‘The Impossible’ Review: It's a Horrifying Tsunami, and You Are There

"The Impossible" effectively shows the enormous bravery and resourcefulness exhibited by the family’s individual members in a believable and even low-key fashion

 

Remember the extended tsunami scene that occurred early on in Clint Eastwood’s “Hereafter” (2010)? That seems a mere rivulet compared with the rushing waters coming at you, again and again, in “The Impossible,” a film that movingly chronicles one family’s fight for survival when caught in the horrific natural disaster that struck parts of Southeast Asia in 2004 and left nearly 300,000 dead.

“Impossible,” based on a true story, makes clear that surviving the onslaught of massive waves is only the beginning. Carried along in the rushing waters are cars, jagged metal debris, downed electrical wires and all manner of other deadly objects.

If you manage still to count yourself among the living after all that, you then have to contend with your own likely injuries and attempting to reunite with loved ones amidst a pervasive breakdown in communication systems, bureaucratic confusion and overwhelmed hospitals and medical personnel.

At the start of “Impossible,” we meet a British family of five — Maria (Naomi Watts), Henry (Ewan McGregor) and their three young sons — as they fly to Thailand for a Christmas-time vacation at a high end beach resort. There are small tensions between the couple and between them and their eldest son, Lucas (Thomas Holland), who’s showing signs of impending adolescence, but fundamentally everyone loves each other and is having fun. (The real-life family upon which the film is based is Spanish.)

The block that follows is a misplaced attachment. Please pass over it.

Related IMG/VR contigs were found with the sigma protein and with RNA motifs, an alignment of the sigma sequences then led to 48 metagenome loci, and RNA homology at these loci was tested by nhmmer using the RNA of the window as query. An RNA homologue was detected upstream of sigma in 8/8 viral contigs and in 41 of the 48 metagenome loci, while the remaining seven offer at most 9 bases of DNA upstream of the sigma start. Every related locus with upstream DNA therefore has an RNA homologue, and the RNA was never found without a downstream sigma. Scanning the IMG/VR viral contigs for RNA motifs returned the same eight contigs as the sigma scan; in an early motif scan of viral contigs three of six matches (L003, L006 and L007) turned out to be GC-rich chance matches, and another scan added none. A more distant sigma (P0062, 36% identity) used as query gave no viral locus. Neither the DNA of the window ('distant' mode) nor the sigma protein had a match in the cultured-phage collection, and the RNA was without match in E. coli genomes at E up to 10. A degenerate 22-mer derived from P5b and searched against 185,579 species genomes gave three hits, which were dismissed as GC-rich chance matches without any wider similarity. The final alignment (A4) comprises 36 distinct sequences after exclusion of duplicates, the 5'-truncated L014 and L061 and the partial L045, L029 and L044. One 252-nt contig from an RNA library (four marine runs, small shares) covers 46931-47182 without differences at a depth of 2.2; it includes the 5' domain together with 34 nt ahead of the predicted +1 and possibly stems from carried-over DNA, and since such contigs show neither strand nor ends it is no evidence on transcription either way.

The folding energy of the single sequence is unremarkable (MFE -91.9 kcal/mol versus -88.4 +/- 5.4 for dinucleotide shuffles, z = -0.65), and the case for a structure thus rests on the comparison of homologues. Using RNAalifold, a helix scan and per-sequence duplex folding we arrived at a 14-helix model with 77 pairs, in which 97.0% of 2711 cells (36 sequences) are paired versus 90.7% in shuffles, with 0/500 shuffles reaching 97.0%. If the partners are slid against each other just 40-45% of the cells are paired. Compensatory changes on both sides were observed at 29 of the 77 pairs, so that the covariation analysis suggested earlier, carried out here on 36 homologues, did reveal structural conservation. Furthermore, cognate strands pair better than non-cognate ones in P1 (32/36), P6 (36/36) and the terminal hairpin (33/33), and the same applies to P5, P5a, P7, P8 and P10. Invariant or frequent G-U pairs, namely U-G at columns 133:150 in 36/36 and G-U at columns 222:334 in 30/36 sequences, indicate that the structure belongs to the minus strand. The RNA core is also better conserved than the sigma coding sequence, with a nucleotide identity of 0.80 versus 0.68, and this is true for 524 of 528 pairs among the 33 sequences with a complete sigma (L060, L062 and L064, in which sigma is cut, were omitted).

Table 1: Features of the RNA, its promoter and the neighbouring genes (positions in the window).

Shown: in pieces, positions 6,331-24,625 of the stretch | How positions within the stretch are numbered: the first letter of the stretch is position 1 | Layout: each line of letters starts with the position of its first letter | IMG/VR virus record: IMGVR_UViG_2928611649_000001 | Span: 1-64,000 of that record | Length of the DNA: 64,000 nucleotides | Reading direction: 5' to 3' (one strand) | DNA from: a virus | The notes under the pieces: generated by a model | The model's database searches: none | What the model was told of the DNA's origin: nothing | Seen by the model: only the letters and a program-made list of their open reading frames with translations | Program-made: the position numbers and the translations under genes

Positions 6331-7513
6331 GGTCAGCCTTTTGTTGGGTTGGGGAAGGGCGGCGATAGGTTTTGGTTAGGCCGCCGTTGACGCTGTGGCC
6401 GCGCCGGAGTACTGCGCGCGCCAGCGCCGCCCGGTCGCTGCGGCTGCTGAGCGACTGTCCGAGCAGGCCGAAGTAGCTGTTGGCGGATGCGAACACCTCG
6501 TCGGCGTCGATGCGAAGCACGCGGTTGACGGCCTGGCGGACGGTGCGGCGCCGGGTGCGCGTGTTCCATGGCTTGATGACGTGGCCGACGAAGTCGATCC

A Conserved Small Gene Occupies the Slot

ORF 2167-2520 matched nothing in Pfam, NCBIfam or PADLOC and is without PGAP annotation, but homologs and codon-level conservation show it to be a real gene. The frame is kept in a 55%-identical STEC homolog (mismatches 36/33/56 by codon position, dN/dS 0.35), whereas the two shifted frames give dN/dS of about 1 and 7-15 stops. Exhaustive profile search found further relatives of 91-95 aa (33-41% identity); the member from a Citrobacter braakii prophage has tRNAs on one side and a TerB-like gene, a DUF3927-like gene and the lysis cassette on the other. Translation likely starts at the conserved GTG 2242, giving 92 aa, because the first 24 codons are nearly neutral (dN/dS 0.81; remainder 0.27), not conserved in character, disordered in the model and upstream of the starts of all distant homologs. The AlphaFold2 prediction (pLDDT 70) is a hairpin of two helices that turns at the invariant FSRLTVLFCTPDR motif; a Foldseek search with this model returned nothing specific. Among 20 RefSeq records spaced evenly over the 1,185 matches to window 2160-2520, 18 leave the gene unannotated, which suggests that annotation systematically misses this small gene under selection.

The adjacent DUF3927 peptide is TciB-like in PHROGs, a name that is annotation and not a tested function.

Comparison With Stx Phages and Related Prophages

Then the waves hit. What follows for nearly 30 minutes is a terrifyingly vivid, you-are-there sequence, which focuses mostly on Maria as she gets swept along in the tsunami.

To give away more would ruin much of the film’s suspense. Suffice it to say simply that, as in such disasters, family members become separated, life-threatening injuries are sustained, and it’s not clear for some time who has survived and who may not have been as fortunate.

The movie effectively shows all of this, along with the enormous bravery and resourcefulness exhibited by the family’s individual members. It does so in a believable and even low-key fashion, never forgetting that this British family and so many of the other foreigners affected by the tsunami mostly are merely passing through–and have  resources they can call upon that many locals can  not–a nation that has been devastated.

It is Watts’ performance, much of it without dialogue, that’s the real standout here. She is a fierce center of maternal determination and devotion, a woman who understands the reality of what she’s facing–Maria is a doctor–but isn’t about to give up. McGregor and Holland also give strong and affecting performances.

As “Impossible” unfolds, it becomes clear that Spanish director Juan Antonio Bayona (“The Orphanage”) has succeeded in making an intense, almost intimate family drama in the guise of a disaster film. The movie leaves you in awe of both Mother Nature’s power and our own innate instinct for survival, and to reunite with those we love, in the face of it.